by Rahul Kumar, Samta NadeemSep 13, 2022
Trees have been around long before us humans came along. They are strong, tall and multifunctional. Trees create microclimates for people and provide us oxygen in exchange for the carbon dioxide we produce but our relationship with trees goes beyond this simple transactional equation. For many centuries now, trees have been a valuable part of our cultural and spiritual values. For instance, the Sacred Fig has been a symbolic part of the story of Buddha where he apparently meditated under one such tree for seven whole weeks. Similarly, the Sacred Fig has also been mentioned in Hindu texts, referring to the tree as the ‘home of all Gods’. Cutting such a tree is regarded as inauspicious. In the Scandinavian region of Europe, Norse mythology speaks of a large ash tree, which is said to be the centre of the cosmos and the link to all nine different dimensions (a narrative endorsed by Norse mythology). In Malaysia, Germany, Ireland and other countries across the world, there are traditions which emphasise an intrinsic connection between the man and tree. Perhaps the most commonly heard archetype surrounding trees is ‘The Tree of Life’, which is a motif originating in religious and spiritual symbology, which can be found across borders and religious systems. The ‘Tree of Life’ is symbolic of a connectedness amongst all living creatures. Cutting through all of this surrounding culture, Ralph Rugoff, the director at Hayward, looks to re-examine our relationship with trees through a contemporary lens in his curatorial venture titled Among The Trees.
Among the Trees is an exhibition, which brings together major artworks from 38 artists from five continents, using a range of media from sculpture to immersive audiovisual experiences, paintings and photographs. The exhibition, which opened on March 4, 2020, encourages the viewer to explore humankind’s relationship with trees and develop a deeper understanding of the role that trees play in shaping our civilisations. Rugoff says, “At a moment when the destruction of the world’s forests is accelerating at a record pace, Among the Trees brings together the work of leading international artists who urge us to think about the essential roles that trees and forests play in our lives and psyches. Hopefully visitors leave the exhibition with a renewed sense of appreciation for both the beauty and complexity of these indispensable organisms”.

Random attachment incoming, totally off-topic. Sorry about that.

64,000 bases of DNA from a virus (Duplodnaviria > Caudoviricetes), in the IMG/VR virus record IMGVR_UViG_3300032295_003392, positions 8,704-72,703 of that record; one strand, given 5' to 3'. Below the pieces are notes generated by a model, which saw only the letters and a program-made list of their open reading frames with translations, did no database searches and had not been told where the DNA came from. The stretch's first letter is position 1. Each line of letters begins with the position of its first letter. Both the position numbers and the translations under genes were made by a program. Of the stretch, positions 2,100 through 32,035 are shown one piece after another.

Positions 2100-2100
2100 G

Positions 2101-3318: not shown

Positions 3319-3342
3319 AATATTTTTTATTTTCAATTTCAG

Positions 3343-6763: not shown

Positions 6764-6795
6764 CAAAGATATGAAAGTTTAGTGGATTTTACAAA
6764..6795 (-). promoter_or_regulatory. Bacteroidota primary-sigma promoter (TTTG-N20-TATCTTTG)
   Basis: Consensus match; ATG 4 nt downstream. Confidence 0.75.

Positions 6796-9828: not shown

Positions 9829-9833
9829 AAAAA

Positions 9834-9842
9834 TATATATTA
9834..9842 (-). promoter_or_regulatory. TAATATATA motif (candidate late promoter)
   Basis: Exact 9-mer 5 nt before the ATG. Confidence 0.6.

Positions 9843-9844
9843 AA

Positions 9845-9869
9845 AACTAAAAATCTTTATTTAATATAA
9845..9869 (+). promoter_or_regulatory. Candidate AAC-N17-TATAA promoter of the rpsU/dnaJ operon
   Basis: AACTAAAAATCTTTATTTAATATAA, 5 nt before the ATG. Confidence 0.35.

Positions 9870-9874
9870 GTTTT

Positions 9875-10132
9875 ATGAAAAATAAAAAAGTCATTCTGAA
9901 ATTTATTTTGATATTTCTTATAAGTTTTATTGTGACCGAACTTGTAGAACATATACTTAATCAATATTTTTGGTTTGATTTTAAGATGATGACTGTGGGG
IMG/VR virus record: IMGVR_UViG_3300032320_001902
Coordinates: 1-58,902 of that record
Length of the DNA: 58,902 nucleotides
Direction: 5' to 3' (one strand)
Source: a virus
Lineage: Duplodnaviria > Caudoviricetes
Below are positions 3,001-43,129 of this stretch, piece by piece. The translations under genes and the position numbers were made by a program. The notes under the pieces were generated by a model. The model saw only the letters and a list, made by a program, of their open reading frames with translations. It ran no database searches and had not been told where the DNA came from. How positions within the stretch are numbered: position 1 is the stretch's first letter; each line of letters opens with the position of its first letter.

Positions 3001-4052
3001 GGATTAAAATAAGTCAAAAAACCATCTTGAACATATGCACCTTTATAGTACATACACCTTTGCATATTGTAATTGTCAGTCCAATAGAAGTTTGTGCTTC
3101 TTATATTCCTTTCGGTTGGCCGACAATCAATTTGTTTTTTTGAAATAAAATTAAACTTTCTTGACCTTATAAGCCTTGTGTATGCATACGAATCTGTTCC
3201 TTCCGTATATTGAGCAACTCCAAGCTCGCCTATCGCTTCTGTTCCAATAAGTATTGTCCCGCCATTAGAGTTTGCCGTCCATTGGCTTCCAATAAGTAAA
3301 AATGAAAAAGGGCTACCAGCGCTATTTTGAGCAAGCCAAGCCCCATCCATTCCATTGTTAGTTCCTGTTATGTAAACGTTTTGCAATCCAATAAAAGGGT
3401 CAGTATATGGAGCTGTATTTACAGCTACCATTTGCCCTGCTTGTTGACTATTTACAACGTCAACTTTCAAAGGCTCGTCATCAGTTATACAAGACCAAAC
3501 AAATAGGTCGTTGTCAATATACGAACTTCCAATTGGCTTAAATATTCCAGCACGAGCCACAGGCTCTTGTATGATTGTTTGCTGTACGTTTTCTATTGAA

Some of the artists on display at Among the Trees are Rachel Sussman, Ugo Rondinone, Eija-Liisa Ahtila, Eva Jospin, William Kentridge, Steve McQueen and many others. The diversity in the works shown at the exhibition is reflected in the type of trees rendered in the artworks. The viewer is transported to the rainforests in Colombia, the jungles in Japan and the underground forests of Africa. With Sussman documenting the world’s most ancient trees with colour photographs and Rondinone’s cast aluminium sculpture of an aged olive tree juxtaposed with Jennifer Steinkamp’s animated video projection, Rugoff leads the visitors of Hayward Gallery into a journey of a myriad of visual experiences surrounding this singular idea of a tree. By exploring the various types from across the world, Rugoff looks to stretch and expand our notion of trees, what they represent and how they take up a dynamic role in our imaginations and in our societies, while also maintaining an integrity, strength and security in our environmental and cultural structures.
Among the Trees is an exhibition which is accompanied by a fully illustrated catalogue, which includes the curator’s note, individual artist texts and an original essay by writer and critic Jeffrey Kastner exploring the representation of trees in art as well as a text by philosopher Matteo Pasquinelli looking at the tree as a cultural symbol. The gallery will also host a series of public talks featuring several of the exhibition artists including George Shaw, Johanna Calle, Mariele Neudecker, as well as lectures and performances by authors, artists and authorities on climate change.